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Source of electrocardiographic ST changes in subendocardial ischemia

journal contribution
posted on 2023-05-16, 11:04 authored by Li, DS, Li, CY, Yong, AC, David KilpatrickDavid Kilpatrick
To clarify the source of electrocardiographic ST depression associated with ischemia, a sheep model of subendocardial ischemia was developed in which simultaneous epicardial and endocardial ST potentials were mapped, and a computer model using the bidomain technique was developed to explain the results. To produce ischemia in different territories of the myocardium in the same animal, the left anterior descending coronary artery and left circumflex coronary artery were partially constricted in sequence. Results from 36 sheep and the computer simulation are reported. The distributions of epicardial potentials from either ischemic source were very similar (r=0.77±0.14, P(0.0001), with both showing ST depression on the free wall of the left ventricle and no association between the ST depression and the ischemic region. However, endocardial potentials showed that ST elevation was directly associated with the region of reduced blood flow. Insulating the heart from the surrounding tissue with plastic increased the magnitude of epicardial ST potentials, which was consistent with an intramyocardial source. Increasing the percent stenosis of a coronary artery increased epicardial ST depression at the lateral boundary and resulted in ST elevation starting from the ischemic center as ischemia became transmural. Computer simulation using the bidomain model reproduced the epicardial ST patterns and suggested that the ST depression was generated at the lateral boundary between ischemic and normal territories. ST depression on the epicardium reflected the position of this lateral boundary. The boundaries of ischemic territories are shared, and only those appearing on the free wall contribute to external ST potential fields. These effects explain why body surface ST depression does not localize cardiac ischemia in humans.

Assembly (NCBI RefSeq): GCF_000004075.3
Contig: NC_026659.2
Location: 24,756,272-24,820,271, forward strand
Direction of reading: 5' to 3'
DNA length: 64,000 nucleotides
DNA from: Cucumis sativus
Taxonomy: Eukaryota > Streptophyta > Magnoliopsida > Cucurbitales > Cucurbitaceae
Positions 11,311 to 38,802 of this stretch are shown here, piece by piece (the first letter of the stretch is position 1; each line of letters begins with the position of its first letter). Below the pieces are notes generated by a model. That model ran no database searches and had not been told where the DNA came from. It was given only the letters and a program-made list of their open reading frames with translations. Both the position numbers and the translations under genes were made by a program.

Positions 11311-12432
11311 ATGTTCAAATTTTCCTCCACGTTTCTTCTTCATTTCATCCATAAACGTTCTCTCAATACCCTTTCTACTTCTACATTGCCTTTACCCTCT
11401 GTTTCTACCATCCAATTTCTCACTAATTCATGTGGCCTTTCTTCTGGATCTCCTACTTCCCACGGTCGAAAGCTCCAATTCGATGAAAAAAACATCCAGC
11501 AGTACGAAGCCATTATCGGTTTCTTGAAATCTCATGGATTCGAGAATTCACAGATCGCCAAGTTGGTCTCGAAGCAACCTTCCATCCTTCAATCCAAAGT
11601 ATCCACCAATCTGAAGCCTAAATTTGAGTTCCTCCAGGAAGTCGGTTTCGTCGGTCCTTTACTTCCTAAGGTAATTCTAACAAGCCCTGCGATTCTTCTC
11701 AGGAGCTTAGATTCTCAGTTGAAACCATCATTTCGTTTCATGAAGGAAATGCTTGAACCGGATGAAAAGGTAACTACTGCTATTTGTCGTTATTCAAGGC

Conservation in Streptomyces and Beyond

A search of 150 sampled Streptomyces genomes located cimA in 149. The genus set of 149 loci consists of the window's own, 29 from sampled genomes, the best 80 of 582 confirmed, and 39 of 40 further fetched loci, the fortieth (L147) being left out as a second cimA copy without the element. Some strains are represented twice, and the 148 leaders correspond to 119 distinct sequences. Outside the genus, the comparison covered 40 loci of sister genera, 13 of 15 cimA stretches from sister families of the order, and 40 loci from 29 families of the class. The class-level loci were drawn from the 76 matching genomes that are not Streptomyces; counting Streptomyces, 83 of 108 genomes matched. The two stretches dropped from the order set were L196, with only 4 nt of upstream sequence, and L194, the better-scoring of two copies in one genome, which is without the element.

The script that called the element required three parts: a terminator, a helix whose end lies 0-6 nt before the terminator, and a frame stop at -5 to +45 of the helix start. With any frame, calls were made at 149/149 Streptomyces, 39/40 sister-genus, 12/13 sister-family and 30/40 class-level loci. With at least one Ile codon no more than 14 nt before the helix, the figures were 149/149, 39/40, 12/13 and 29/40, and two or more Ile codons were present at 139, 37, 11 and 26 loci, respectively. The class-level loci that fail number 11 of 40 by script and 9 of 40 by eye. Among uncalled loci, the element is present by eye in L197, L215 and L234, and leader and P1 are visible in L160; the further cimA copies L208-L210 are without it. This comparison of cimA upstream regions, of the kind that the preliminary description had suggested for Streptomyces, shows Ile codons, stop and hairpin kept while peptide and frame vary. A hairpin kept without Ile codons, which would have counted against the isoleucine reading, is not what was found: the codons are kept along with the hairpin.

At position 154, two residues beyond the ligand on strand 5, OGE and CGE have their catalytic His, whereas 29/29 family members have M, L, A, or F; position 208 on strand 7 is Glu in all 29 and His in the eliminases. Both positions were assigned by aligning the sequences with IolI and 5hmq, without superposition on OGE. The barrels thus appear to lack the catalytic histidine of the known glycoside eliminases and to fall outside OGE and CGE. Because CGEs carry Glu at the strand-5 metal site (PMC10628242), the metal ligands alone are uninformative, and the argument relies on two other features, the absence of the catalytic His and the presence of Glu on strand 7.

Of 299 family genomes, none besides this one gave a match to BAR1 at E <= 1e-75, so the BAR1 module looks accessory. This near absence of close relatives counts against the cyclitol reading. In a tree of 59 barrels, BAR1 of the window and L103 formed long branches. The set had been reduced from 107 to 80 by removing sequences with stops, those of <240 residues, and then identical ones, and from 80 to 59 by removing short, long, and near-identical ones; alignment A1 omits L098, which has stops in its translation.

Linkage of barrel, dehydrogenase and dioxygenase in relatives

Publication title

Circulation Research










Tasmanian School of Medicine


American Heart Association

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Clinical health not elsewhere classified

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